If Ken Loach’s “I, Daniel Blake” had a subtitle, it could well be “Why Jeremy Corbyn became Labour Party leader”. Focused on the Kafkaesque ordeals a 59-year old widowed carpenter puts up with to get health allowance benefits after suffering a heart attack, it is an indictment of an entire social system in which Britain’s most vulnerable are being thrown overboard by a cold and cost-conscious bureaucracy that received its marching orders from the combined forces of New Labour and the Tories.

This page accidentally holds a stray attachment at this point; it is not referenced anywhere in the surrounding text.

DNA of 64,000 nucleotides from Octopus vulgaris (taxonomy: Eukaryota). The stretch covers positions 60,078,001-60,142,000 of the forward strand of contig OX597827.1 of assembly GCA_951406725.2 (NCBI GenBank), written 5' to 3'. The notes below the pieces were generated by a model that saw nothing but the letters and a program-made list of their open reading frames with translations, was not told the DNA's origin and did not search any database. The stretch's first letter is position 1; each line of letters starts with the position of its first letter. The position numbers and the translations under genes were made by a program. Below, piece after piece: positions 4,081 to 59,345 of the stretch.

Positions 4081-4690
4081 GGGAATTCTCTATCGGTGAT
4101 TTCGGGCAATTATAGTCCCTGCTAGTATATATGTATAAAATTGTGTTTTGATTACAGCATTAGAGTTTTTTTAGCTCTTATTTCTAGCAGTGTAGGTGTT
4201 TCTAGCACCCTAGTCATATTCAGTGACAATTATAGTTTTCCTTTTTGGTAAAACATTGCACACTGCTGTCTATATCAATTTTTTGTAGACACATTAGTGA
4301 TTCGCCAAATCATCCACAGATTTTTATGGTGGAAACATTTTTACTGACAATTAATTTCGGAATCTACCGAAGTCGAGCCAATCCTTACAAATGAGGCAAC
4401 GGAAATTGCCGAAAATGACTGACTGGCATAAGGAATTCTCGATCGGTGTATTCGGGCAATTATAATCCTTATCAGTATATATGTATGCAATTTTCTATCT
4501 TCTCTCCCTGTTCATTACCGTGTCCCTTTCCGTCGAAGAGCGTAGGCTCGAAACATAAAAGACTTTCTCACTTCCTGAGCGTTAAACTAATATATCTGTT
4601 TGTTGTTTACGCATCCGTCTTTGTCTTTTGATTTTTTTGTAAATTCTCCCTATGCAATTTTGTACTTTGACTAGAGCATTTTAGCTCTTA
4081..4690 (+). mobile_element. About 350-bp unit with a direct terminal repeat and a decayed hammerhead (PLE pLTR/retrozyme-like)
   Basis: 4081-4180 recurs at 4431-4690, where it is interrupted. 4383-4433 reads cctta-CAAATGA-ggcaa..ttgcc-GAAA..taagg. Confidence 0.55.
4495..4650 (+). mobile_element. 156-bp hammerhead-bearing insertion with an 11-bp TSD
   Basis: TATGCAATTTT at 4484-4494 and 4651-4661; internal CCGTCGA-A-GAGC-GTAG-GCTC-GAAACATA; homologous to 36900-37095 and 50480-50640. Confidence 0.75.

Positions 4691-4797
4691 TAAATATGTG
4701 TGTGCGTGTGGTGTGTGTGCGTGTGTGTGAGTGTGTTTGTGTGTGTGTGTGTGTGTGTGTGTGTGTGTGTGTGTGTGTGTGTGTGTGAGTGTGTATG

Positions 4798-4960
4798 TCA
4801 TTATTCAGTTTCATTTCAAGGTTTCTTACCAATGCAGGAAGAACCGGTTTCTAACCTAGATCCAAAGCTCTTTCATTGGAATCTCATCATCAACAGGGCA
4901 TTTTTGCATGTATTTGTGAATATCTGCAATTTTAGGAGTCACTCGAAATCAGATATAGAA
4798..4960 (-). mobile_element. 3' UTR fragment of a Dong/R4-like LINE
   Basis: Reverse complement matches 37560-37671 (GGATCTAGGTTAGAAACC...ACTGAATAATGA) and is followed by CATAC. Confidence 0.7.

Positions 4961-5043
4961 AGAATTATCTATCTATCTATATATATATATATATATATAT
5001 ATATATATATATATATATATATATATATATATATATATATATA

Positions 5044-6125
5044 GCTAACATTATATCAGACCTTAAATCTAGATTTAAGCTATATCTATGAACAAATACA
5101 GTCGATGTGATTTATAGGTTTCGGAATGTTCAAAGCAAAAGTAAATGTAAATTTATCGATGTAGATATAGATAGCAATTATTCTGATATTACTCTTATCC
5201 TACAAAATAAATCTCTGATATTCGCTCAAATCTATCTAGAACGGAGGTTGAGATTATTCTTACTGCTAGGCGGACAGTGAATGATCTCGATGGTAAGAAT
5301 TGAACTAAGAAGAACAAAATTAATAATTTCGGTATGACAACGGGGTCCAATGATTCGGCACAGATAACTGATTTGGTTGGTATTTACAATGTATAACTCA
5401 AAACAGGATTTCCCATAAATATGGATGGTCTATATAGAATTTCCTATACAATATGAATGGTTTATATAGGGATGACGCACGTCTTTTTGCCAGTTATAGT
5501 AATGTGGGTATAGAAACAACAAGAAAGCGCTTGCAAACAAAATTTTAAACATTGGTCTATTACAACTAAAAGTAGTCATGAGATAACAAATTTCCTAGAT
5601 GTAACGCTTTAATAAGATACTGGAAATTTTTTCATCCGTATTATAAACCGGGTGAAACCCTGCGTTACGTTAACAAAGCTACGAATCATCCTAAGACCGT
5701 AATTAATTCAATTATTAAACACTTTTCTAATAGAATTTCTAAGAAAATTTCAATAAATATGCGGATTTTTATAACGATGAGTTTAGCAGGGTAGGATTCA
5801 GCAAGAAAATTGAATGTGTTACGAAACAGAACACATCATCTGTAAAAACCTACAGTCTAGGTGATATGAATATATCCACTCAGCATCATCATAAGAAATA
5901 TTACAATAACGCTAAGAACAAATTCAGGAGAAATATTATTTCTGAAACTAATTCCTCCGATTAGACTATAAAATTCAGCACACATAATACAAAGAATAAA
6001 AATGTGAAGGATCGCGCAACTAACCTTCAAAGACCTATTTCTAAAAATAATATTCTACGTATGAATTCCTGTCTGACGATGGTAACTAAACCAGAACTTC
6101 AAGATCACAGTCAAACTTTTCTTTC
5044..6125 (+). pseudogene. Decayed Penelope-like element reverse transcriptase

As the film begins, we only hear the voices of Daniel Blake and his petty official interrogator who is asking him a series of questions about his health status: Was he able to lift his arms above his head?; Could he walk 50 meters from his home?; Was he having problems with his bowel movements? After each question, he responds by saying that it is heart preventing him from work, not his hands, feet or ass. His physician has told him that he must receive benefits for another month before he can be cleared to go back to work, something that he wants more than anybody including the penny-pinching bureaucrats. This is of no importance to his interrogator who deems him fit to work.